My next post (Taormina Part II) will recount our hike on Mt Etna, a winery we visited, the importance of pine cones in Sicily and artichokes in the Mafia, the Sicilian Mafia, and why we measure gold in carats!

Santa Margherita Ligure and Portofino (Italy)

The rest of our time in SML was spent eating…

Actually, that’s not entirely true. We just did things that don’t really warrant pictures, like lounging around on the rooftop pool, reading outside on our balcony, and playing Fire Emblem and Animal Crossing (but not for too long bc we didn’t have a way to charge the battery).

The duomo of SML wasn’t a recommended sightseeing spot, but the Lion and I went in on a whim one day and found one of the most ornate cathedrals we’ve seen on this trip. The basilica of Santa Margherita d’Antiochia, was built in 1658 on top of remnants of a 13th century church. The inside was quite magnificent, with crystal chandeliers and columns, walls, and ceilings lined with gold. It really took our breaths away when we walked in!

The day we had to leave SML, we took a cab ride over to Portofino, the wealthy city-next-door to SML. Portofino is a fishing village, but the natives have really taken advantage of their location and turned the place into a luxury resort for the rich and famous.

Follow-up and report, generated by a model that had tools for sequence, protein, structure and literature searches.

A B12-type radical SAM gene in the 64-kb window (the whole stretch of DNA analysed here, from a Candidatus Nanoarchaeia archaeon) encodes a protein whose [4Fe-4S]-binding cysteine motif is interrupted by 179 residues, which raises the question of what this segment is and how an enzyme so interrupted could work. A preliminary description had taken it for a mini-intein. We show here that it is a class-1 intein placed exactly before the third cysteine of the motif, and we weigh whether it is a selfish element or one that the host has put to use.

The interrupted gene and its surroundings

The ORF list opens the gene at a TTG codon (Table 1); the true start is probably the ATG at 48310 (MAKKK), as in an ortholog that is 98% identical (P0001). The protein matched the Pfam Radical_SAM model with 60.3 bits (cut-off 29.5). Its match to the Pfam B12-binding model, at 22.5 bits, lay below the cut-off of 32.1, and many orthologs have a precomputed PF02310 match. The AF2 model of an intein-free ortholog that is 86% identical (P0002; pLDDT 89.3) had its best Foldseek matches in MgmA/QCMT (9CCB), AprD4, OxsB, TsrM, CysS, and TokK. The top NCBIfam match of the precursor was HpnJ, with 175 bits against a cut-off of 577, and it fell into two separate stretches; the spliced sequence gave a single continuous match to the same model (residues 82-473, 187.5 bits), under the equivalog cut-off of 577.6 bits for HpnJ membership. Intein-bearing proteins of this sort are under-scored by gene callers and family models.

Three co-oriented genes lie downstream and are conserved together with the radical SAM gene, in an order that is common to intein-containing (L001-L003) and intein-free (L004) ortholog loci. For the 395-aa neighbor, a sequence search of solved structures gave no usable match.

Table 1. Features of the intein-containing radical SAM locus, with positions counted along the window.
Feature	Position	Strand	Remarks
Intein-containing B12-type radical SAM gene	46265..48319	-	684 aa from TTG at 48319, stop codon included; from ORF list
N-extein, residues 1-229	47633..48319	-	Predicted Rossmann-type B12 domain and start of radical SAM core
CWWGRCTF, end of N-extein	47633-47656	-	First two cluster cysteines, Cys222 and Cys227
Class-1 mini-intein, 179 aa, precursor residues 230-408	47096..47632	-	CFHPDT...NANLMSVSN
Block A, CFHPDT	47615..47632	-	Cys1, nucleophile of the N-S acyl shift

We walked up to see Castello Brown, a castle that was built in the 15th century and used for various military purposes. In the 1860s, an English consul named Montague Yeats Brown purchased the castle and turned it into a villa. Then, in the 1949, Brown’s descendants sold it to another English couple, who then sold it to the city of Portofino a couple decades later in the early 1960s. The view of the harbor was beautiful from up top, but we didn’t get to see inside the castle because it turned out there was an admission fee…

Just before we had to head back to SML to go to the airport, we stopped by Divo Martino (partly to see this recommended sight but also to catch a break from the sun), a 12th century church built for St Martin. See pic here: http://www.flickr.com/photos/ltangelini/2330481704/

Last but not least: Four-seasons pizza with olives, artichokes, ham, mushrooms with a drizzled of spiced evoo… Awes.

Cinque Terre (Italy)

By the time we finished at Lucca, we were heatstroke’d and passed out all the way to Santa Margherita Ligure. I woke up to find this beautiful view: